[phenixbb] phenix.find_tls_groups: a new tool for automated partitioning a model into TLS groups

Mayer, Mark (NIH/NICHD) [E] mayerm at mail.nih.gov
Tue Dec 14 19:34:36 PST 2010

Great; look forwards to using,
A question for those of us who have been using TLSMD for a few years
is how the groups differ. You give timing comparisons for GroEL but
do not report if the TLS groups differ, and if they do, how much the
groups differ: e.g. is it a residue or two at the group ends, or larger


From: Pavel Afonine [pafonine at lbl.gov]
Sent: Tuesday, December 14, 2010 9:45 PM
To: PHENIX user mailing list
Subject: [phenixbb] phenix.find_tls_groups: a new tool for automated partitioning a model into TLS groups

  PHENIX users:

starting dev-610 (development version of PHENIX) there is a new tool
available for completely automated partitioning a model into TLS groups:


To run:

phenix.find_tls_groups model.pdb

or if you have a multiple CPU machine:

phenix.find_tls_groups model.pdb nproc=N

where N is the number of CPUs available (thanks Nat for
parallelization!). There is no parameters that a user is supposed to
tweak (except defining the number of CPUs, if desired).

The result of running the above command are atom selections that define
TLS groups. These atom selections are ready to use in phenix.refine.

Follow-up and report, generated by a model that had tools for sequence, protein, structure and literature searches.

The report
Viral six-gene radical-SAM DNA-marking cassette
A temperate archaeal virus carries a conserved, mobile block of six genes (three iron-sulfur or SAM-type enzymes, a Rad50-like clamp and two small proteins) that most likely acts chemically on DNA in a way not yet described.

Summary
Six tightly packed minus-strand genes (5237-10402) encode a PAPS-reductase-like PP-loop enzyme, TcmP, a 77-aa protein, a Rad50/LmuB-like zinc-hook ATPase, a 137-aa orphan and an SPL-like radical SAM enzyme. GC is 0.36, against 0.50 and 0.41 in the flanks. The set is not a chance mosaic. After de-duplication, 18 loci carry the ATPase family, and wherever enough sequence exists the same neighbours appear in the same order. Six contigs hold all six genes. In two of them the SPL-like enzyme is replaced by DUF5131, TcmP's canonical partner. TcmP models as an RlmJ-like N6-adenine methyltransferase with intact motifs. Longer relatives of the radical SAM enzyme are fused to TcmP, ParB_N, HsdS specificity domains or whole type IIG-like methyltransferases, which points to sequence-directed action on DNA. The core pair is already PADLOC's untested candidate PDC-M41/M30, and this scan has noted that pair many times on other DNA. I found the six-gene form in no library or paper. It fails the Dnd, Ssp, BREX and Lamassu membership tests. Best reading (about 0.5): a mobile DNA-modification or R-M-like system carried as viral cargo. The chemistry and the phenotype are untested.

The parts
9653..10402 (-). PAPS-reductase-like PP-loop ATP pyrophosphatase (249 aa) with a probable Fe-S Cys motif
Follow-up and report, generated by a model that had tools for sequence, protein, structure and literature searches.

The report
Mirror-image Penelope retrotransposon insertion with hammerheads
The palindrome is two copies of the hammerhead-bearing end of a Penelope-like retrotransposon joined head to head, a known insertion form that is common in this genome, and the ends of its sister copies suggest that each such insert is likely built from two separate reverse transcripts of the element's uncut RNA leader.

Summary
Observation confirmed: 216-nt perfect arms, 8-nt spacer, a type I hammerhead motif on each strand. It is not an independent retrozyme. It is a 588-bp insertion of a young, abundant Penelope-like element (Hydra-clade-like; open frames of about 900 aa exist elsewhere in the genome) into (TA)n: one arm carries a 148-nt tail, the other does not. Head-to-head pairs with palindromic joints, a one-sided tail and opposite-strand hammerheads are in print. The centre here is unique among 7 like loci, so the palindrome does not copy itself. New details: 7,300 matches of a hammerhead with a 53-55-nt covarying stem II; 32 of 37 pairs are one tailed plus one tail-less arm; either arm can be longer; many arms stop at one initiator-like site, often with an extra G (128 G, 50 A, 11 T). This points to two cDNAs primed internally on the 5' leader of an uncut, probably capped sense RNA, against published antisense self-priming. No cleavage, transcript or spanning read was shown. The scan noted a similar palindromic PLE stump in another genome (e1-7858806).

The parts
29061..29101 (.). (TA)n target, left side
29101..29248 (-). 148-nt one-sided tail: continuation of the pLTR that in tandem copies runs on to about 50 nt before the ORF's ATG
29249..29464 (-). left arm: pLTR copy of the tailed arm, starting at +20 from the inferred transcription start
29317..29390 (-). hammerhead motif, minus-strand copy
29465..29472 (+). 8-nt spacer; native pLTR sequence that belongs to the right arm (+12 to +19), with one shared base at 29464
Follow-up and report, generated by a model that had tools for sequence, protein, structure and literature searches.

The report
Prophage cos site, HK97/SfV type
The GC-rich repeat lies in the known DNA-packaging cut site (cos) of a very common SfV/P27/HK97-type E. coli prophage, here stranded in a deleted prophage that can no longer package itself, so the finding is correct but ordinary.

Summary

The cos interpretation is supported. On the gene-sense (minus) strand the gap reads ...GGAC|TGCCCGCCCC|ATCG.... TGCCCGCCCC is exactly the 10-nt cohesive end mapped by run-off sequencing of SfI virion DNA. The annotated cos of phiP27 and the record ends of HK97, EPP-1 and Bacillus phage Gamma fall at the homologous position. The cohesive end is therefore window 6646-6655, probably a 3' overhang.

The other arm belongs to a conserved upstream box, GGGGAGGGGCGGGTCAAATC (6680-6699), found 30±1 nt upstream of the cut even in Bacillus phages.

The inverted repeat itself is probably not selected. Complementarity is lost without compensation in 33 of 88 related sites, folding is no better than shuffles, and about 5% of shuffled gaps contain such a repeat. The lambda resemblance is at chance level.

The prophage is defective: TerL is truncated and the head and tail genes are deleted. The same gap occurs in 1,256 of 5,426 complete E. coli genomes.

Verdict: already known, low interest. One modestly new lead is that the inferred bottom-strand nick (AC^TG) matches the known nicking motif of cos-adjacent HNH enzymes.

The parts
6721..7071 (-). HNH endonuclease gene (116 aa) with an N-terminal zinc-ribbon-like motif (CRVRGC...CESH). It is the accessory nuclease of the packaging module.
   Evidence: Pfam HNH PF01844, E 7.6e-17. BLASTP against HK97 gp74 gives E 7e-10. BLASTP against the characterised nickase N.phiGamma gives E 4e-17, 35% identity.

This is available from PHENIX GUI too, where automatically defined TLS
groups can be readily visualized and checked on the graphics (thanks Nat!).

The algorithm is fast.
For example, for a GroEL structure (3668 residues, 26957 atoms, 7
chains) it takes only 135 seconds using 1 CPU, and 44 seconds using 10
CPUs. Analogous job takes 3630 seconds using TLSMD server.
For a lysozime structure it takes 9.5 seconds with one CPU, and 2.5
seconds using 10 CPUs. The timing results may vary depending on the
performance of your computer.

There is ongoing work that will slightly improve phenix.find_tls_groups
within the next few weeks / a month; however the current version is
functional and can be tried now. An example of such improvements are
analyzing (scoring) user-defined TLS groups (for example, TLS groups
from PDB file header), automated combining cross-chain TLS groups
(non-contiguous segments) that will be obtained through connectivity
analysis, better handling non-protein chains, and more. Integration with
phenix.refine is also planned.

Any feedback is very much appreciated!


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